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21

Apr 2016

Daemon Fauna – Dune Hopper

Posted by / in Fan Art, Science / 21 comments

[Read Daemon Fauna – Introduction]

 

2102.7.14

Simulation HK00183

Dipodomys gigas, aka “Dune Hopper”

Traditional grazing animals (sheep, cattle) are either extinct or poorly adapted to thrive in the current local ecosystem.  To raise amounts sufficient for human consumption requires levels of water resources unavailable at present, as well as overgrazing practices harmful to the fragile ecosystem as a whole.

My hope with the Dune Hopper is to capitalize on their innate water-conserving metabolism, increasing their size to that of the ancient Macropus, thus filling the niche of large grazing herd animal whilst avoiding some of their issues.

Obligate grazers, with a sophisticated gut microbiome to allow them to digest tough, dry grasses, and also facilitate plant growth via zoochory.

Found in family groups ranging between 10 to 20 members, typically where savannah or grassland meets desert.

Along with their ecological roles, should be a good source of protein and animal fibers for cloth production.

 

2102.8.4

Initial simulations are promising, moving it to VB_001 for full testing, and entering it into the ex silico queue.

Dr. Havva Koçak

 

[Read next Daemon Fauna entry]

[art by Ethan Kocak of Black MudPuppy]

BMP2

  • Ydo Ucare

    This sounds like a cool series. My inner bio nerd is excited to see more of these.

    One thought though. I’m no zoologist, but thinking about mechanisms kangaroo rats use to conserve water (things like uber efficient nephrons and taking advantage of metabolic processes), would those mechanisms really transfer over well to such a large size? I would assume that while that works great for small scale organisms that it wouldn’t be enough to sustain a larger creature. Although I suppose it wouldn’t have to be as good as the small kangaroo rat’s system as long as it’s still better than things like cows.

    • You’re totally right, that it wouldn’t be AS efficient at conserving water at that size. But with some designer genetics and a custom microbiome, these things have the best water preservation possible, to help them not need as much water as cows :)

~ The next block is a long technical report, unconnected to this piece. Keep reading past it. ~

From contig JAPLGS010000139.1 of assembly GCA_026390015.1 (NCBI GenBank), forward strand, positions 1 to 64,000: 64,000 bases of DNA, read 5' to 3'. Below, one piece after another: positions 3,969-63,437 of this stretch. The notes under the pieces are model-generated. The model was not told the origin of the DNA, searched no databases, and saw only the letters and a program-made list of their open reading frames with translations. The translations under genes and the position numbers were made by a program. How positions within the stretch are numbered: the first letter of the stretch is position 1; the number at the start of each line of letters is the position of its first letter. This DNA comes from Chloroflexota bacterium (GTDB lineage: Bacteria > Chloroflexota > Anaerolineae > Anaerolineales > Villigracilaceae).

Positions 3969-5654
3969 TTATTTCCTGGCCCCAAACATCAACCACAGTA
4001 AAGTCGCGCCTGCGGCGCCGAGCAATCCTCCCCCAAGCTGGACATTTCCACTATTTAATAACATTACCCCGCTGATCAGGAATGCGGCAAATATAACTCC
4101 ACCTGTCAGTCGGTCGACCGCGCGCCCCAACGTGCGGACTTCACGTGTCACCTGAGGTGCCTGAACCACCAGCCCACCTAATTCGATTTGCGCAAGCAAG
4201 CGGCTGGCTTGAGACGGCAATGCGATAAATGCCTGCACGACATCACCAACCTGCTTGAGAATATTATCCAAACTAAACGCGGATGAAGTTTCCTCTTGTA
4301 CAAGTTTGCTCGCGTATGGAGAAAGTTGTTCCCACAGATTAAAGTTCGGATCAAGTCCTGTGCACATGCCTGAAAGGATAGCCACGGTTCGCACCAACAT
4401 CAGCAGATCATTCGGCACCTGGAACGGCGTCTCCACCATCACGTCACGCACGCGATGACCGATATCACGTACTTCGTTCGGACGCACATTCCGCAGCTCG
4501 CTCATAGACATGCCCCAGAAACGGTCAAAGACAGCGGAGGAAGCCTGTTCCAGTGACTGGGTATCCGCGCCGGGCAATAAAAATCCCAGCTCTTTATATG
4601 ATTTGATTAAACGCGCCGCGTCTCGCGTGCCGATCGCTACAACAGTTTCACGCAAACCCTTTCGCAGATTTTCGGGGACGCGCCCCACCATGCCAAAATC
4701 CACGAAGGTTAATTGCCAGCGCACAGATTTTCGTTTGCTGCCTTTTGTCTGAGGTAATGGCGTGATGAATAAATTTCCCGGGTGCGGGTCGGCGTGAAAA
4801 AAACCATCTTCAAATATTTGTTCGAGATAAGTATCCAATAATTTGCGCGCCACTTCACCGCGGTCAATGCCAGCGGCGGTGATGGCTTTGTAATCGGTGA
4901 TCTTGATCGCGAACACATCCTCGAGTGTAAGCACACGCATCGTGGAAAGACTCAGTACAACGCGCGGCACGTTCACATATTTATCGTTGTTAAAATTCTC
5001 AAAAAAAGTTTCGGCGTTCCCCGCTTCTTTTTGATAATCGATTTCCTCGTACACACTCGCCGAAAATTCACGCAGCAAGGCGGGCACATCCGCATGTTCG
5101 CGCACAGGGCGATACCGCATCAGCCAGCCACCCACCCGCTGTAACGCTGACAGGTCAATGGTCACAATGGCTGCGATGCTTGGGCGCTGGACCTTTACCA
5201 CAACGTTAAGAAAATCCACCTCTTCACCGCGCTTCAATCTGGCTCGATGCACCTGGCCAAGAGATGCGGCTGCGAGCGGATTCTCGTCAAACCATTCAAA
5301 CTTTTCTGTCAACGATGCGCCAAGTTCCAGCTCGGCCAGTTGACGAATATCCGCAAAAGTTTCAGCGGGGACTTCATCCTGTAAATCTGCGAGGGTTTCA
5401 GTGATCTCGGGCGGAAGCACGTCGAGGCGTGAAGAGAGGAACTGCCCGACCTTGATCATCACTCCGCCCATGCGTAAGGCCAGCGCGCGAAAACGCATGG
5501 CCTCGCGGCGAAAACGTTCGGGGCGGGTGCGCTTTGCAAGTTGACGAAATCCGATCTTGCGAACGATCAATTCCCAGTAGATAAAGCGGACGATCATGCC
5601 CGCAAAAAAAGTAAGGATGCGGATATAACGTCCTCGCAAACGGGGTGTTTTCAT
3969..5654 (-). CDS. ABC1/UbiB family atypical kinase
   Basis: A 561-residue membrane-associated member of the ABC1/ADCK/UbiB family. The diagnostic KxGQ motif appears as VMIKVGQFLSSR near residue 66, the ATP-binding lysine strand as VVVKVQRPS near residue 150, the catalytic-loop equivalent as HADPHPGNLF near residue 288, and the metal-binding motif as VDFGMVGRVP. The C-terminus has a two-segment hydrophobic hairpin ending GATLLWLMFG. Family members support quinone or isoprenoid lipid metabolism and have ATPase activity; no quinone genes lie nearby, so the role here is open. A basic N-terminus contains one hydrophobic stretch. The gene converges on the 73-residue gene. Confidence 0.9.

• Adriano

    [DUNE THEME INTENSIFIES]

    • Delta-v

      Still hoping for Sandworms?

      • Giant rideable ones.

        • Adriano

          Which produce a substance increasing life’s expectancy of humans :D

  • Bellon

    The design does not look very good for me. It is a simple scaling up of a much smaller, nocturnal animal. Mechanically, the members and the tail are too frail: an efficient animal of this size should look much more like a kangaroo if you retain the idea of a hopper. But why not use the model of the camels, well adapted to dry ecosystems, which are present in this part of the world?

    Furthermore, in a world were large animals are extinct, the only predators dangerous for such animals are men: it is not interesting to be nocturnal to avoid predators, and such a large animal cannot use a hole to protect it from the heat of the days, removing another advantage of being nocturnal. Also, the eyes are unnecessarily large, when the tear film is an unavoidable point of water loss.

    Even if it makes for a nice picture, the idea of scaling up an animal by a factor near 1000 in size, and therefore much more in mass, looks really dangerous for me: evolution history has shown that it generally takes time to scale up animals (scaling down, up to a point, can be much more rapid). Locomotive efficiency is a major point for bigger animals, when survival may depend on the ability to reach a new patch of vegetation: it is really difficult to tune precisely on the drawing board: even if you are really intelligent, evolution is the way to hone all qualities.